[Join Dr. Nabyl Merbouh as he discusses how to spot art forgeries using electron microscopy and X-ray spectroscopy tools and techniques.

Forgeries are often only discernible by the keen eye of a trained expert. Sometimes, even a keen eye cannot be adequate. Join Dr. Nabyl Merbouh as he discusses how electron microscopy-based and X-ray spectroscopy-based tools and techniques are being used for identifying microscopic to atomic-scale differences in samples to identify real vs. fake art.]

*ETA January 30, 2023: Dr. Byron Gates, Associate Chair, Department of Chemistry
Canada Research Chair, Tier II in Surface Chemistry (2005-2014) will be co-presenting.*

February 21, 2023

Watermelon Snow: Science, Art and a lone polar bear with Dr. Lynne Quarmby, SFU Molecular Biology and Biochemistry

[Dr. Lynne Quarmby speaks on her personal journey and concerns about climate change that led to her interest in watermelon snow.

Watermelon-red snow is a tell-tale sign of springtime blooms of microscopic algae on alpine and arctic snow. Under the microscope, the algae are stunningly beautiful, but still, why study them? Dr. Lynne Quarmby will take us on a journey from molecular biology to the high Arctic and home again, illuminating the science of cells, of the climate, and of snow algae, while offering a reminder that much about the human experience is beyond reason. In this talk, we will hear about one scientist’s search for what it means to live a good life at a time of increasing desperation about the future.]

March 28, 2023

What should we know about Quantum Technologies? with Dr. Kero Lau, SFU Physics

[Join Dr. Kero Lau as he explains how quantum technologies work and how we use them in our daily lives

About two decades ago scientists realized that using the quantum properties of fundamental particles has the potential to dramatically improve the performance of our technology. Since then, significant progress has been made towards using quantum systems, and we are now very close to realizing practical quantum devices. In this talk, Dr. Kero Lau will give us a scientific overview of the principle behind quantum technologies, and how they could impact our day-to-day life.]

April 25, 2023

The Pathways from our DNA to our Brain with Dr. Lloyd Elliott, SFU Statistics and Actuarial Science

[Dr. Lloyd Elliott explains how our DNA affects brain function and neurodegenerative diseases.]

Quite a start to 2023!

A robot with body image and self awareness

This research is a rather interesting direction for robotics to take (from a July 13, 2022 news item on ScienceDaily),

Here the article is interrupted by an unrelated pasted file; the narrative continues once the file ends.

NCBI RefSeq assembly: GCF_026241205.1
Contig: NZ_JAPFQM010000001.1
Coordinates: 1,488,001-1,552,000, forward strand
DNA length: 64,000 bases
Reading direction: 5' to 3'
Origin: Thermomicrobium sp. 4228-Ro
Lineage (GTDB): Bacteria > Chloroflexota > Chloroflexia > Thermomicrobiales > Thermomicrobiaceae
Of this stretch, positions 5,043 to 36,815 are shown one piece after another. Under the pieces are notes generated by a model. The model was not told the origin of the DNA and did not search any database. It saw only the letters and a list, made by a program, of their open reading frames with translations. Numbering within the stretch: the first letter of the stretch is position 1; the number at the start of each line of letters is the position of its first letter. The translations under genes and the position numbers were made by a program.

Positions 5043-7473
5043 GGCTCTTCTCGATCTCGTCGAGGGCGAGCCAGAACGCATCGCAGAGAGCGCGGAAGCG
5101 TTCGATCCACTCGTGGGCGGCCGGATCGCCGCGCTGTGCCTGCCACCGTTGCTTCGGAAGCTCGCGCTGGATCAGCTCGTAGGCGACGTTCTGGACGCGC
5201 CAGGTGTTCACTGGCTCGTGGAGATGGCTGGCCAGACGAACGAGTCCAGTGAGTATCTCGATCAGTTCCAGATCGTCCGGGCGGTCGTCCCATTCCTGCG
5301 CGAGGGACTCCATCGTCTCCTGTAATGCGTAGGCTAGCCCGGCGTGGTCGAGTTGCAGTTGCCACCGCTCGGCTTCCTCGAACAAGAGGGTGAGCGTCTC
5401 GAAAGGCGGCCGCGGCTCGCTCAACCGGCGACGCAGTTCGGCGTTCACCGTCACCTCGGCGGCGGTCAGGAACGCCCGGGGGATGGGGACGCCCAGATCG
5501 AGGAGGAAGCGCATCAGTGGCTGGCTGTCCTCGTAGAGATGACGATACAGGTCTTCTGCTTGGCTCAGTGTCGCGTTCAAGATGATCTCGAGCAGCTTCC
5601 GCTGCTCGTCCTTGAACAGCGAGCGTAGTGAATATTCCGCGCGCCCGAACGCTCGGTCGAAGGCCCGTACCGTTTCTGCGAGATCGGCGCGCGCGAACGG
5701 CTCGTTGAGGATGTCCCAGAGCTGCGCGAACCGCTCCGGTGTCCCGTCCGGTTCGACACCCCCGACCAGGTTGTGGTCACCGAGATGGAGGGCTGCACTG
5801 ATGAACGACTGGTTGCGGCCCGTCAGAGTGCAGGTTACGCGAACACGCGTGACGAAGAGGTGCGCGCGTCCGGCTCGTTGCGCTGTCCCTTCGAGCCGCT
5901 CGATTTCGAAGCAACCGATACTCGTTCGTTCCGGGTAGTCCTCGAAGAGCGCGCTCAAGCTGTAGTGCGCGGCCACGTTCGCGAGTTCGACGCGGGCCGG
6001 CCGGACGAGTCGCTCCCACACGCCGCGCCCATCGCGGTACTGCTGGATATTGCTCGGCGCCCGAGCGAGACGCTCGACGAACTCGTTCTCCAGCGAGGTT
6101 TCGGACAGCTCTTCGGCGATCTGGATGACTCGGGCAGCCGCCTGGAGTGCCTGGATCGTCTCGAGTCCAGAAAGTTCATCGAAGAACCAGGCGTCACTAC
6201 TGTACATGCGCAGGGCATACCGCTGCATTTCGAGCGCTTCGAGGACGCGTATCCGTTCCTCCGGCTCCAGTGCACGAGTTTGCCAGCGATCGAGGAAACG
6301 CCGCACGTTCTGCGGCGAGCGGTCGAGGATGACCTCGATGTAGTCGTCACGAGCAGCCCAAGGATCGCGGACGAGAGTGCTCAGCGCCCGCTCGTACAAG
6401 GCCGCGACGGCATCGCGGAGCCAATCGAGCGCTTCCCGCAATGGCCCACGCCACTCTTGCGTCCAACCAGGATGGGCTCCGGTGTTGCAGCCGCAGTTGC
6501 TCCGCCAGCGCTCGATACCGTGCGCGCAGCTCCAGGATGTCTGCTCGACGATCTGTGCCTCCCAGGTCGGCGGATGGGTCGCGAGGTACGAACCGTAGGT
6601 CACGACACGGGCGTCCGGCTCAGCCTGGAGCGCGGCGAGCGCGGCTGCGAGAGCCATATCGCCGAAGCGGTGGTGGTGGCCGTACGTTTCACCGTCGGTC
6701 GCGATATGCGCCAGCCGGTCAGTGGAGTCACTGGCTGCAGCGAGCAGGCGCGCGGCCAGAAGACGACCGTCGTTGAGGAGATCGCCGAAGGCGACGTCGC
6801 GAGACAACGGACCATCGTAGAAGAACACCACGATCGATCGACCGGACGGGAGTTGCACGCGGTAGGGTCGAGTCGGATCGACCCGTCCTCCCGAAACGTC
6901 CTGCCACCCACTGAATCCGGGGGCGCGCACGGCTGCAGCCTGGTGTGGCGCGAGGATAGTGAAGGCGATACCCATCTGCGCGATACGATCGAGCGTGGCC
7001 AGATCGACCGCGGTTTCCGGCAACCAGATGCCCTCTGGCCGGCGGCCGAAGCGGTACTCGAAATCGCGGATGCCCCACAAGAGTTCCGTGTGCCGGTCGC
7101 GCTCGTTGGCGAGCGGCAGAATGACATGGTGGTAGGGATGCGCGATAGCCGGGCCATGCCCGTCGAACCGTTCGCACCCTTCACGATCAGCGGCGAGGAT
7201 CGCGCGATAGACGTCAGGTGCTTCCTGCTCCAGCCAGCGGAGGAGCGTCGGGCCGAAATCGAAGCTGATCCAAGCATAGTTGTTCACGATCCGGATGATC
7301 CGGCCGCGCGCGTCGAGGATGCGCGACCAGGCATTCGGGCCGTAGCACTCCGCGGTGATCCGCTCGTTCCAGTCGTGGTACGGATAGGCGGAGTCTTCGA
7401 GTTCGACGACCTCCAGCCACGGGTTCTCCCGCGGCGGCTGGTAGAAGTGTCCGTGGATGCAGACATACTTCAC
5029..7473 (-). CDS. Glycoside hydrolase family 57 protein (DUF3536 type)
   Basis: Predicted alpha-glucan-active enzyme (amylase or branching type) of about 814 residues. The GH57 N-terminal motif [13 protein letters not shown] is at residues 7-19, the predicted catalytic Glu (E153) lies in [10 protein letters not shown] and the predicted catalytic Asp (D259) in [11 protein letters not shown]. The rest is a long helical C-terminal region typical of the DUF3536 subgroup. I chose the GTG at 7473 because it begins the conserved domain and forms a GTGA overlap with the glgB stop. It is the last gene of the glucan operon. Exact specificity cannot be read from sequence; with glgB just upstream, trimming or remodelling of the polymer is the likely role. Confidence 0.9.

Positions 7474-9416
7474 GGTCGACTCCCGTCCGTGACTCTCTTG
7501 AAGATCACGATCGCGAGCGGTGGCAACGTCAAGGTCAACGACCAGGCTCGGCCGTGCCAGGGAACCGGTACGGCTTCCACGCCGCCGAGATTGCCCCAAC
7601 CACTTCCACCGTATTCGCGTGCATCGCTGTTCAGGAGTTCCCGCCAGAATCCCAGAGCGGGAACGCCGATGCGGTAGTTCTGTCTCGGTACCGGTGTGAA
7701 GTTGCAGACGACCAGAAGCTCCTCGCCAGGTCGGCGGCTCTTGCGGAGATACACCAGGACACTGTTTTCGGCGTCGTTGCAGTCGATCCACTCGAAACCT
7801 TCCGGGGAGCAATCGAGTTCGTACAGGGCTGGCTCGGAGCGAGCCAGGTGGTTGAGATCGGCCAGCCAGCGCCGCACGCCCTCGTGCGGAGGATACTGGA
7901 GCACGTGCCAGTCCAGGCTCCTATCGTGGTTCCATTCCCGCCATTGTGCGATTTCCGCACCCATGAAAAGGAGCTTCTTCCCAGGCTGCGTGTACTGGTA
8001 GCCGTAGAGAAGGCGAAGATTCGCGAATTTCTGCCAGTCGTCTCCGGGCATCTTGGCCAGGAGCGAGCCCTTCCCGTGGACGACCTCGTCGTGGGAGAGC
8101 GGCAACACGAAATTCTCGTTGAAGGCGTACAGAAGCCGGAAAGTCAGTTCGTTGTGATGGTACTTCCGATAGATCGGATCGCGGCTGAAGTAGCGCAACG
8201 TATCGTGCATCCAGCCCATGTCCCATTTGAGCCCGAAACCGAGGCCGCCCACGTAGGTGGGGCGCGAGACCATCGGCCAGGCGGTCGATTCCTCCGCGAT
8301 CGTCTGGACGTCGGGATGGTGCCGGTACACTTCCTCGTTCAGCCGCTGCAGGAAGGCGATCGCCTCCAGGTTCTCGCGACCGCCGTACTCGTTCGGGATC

As every athletic or fashion-conscious person knows, our body image is not always accurate or realistic, but it’s an important piece of information that determines how we function in the world. When you get dressed or play ball, your brain is constantly planning ahead so that you can move your body without bumping, tripping, or falling over.

We humans acquire our body-model as infants, and robots are following suit. A Columbia Engineering team announced today they have created a robot that — for the first time — is able to learn a model of its entire body from scratch, without any human assistance. In a new study published by Science Robotics,, the researchers demonstrate how their robot created a kinematic model of itself, and then used its self-model to plan motion, reach goals, and avoid obstacles in a variety of situations. It even automatically recognized and then compensated for damage to its body.

Courtesy Columbia University School of Engineering and Applied Science

A July 13, 2022 Columbia University news release by Holly Evarts (also on EurekAlert), which originated the news item, describes the research in more detail, Note: Links have been removed,

Robot watches itself like an an infant exploring itself in a hall of mirrors

The researchers placed a robotic arm inside a circle of five streaming video cameras. The robot watched itself through the cameras as it undulated freely. Like an infant exploring itself for the first time in a hall of mirrors, the robot wiggled and contorted to learn how exactly its body moved in response to various motor commands. After about three hours, the robot stopped. Its internal deep neural network had finished learning the relationship between the robot’s motor actions and the volume it occupied in its environment.